Carillion, a former giant in construction, went bust one year ago today. We look back on a story that shook the sector 12 months ago through our coverage on the day, and through the numbers that accounted for its collapse

‘Carillion goes bust’ was the stark headline that confronted readers one year ago this week, on 15 January 2018. While not unexpected, it was hugely unwelcome, and the ramifications filled much of the following year.

On the day the firm failed, Carillion chairman Philip Green (pictured below, second from left) was quoted mourning the loss: “This is a very sad day for Carillion, for our colleagues, suppliers and customers that we have been proud to serve over many years.”


Source: PA/PA Archive/PA Images

Carillion executives appearing before the parliamentary inquiry in early 2018

What was to unfold over the subsequent weeks, however, included investigations into Green and his fellow Carillion bosses’ culpability for the company’s failings and eventual demise. The headlines that followed tell their own story: 

Below is an extract of our story 12 months ago, as well as some of the key numbers that played a part in the downfall of one of the sector’s largest contractors.

Also read: One year after Carillion, PFI contracts can still be risky business

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How the story broke - Building’s story from 15 January 2018:

Carillion goes bust

Company in compulsory liquidation

Carillion has gone under ending more than 100 years of history, leaving thousands of jobs at risk and a host of subcontractors facing the prospect of not being paid.

The move came after discussions over the weekend between the firm, its lenders and the government failed to reach a deal to save the company.

In a statement to the Stock Exchange this morning, the firm said: “Those discussions have not been successful and the board of Carillion has therefore concluded that it had no choice but to take steps to enter into compulsory liquidation with immediate effect.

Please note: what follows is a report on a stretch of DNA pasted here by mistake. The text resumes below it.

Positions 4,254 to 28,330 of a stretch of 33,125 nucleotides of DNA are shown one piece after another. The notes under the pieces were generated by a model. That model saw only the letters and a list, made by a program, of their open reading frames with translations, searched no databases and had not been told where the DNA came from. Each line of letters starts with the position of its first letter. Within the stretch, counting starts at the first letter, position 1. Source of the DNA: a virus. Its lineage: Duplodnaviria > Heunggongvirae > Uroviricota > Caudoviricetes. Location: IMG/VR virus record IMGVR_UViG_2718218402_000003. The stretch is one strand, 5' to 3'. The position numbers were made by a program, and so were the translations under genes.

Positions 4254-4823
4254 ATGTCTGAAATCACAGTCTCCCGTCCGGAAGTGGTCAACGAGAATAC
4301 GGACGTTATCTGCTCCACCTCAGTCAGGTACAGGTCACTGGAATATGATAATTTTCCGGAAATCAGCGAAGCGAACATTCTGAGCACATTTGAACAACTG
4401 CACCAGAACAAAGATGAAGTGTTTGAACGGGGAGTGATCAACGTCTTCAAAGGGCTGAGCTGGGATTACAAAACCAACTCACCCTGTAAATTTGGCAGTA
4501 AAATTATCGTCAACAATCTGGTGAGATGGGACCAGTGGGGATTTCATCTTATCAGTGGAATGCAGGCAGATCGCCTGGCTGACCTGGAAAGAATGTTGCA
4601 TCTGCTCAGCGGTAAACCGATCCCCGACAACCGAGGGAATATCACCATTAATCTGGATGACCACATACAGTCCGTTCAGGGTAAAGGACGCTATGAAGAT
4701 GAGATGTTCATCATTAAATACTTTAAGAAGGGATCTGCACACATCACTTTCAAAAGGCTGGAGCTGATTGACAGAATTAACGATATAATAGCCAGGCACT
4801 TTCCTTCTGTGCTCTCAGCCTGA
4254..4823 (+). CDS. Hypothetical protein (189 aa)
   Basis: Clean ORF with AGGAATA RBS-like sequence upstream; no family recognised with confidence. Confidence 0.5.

“An application was made to the High Court for a compulsory liquidation of Carillion before opening of business today and an order has been granted to appoint the Official Receiver as the liquidator of Carillion.”

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Now, what next?

Carillion’s collapse prompts a heap of questions, wrote Dave Rogers on 15 January 2018

It’s worth pointing out that Carillion’s finances must have been of the basket case variety given that it went straight into liquidation.

Many would have expected an administration but this morning’s news confirms the business had no assets to sell.

Now the company is being handled by the Official Receiver, because of the high number of government contracts it has, the questions about what happens to its 43,000 staff and those problem contracts hove into view.

Cabinet Office minister David Lidington told Radio 4’s Today programme: “The first priority, the one that I’ve asked ministers and all officials to concentrate on, is actually ensuring that public services continue.

“So the message to workers is, come in to work today, there’s important work to be done, and you will be paid. The government will pay your wages via the official receiver, not via Carillion.”

Carillion in numbers

Carillion was working on 420 public sector contracts when it went bust


The firm’s public sector revenue in 2016 totalled £1.72bn


It lost £234m on problem jobs such as prisons, hospitals and the Aberdeen road


Carillion underbid to make a £15m annual loss on a prisons contract


After its £845m July 2017 profit warning, the LGA told councils to prepare for Carillion’s collapse


7 days after the profit warning it won two big HS2 contracts, using these to convince suppliers to stick with it


The firm requested a £223m government bailout days before it went bust


There was only £29m left in the bank when it collapsed


The liabilities of Carillion’s 27 UK-based construction companies are estimated at £6.9bn


It is estimated that its construction arm owes subcontractors up to £1bn in retentions


Read: Carillion by numbers (published 12 July 2018)

Read: Carillion goes bust (published 15 January 2018)

Read: Carillion - a cautionary tale (published 4 August 2017)

Statistics were originally publlished in July 2018 and were correct at time of publication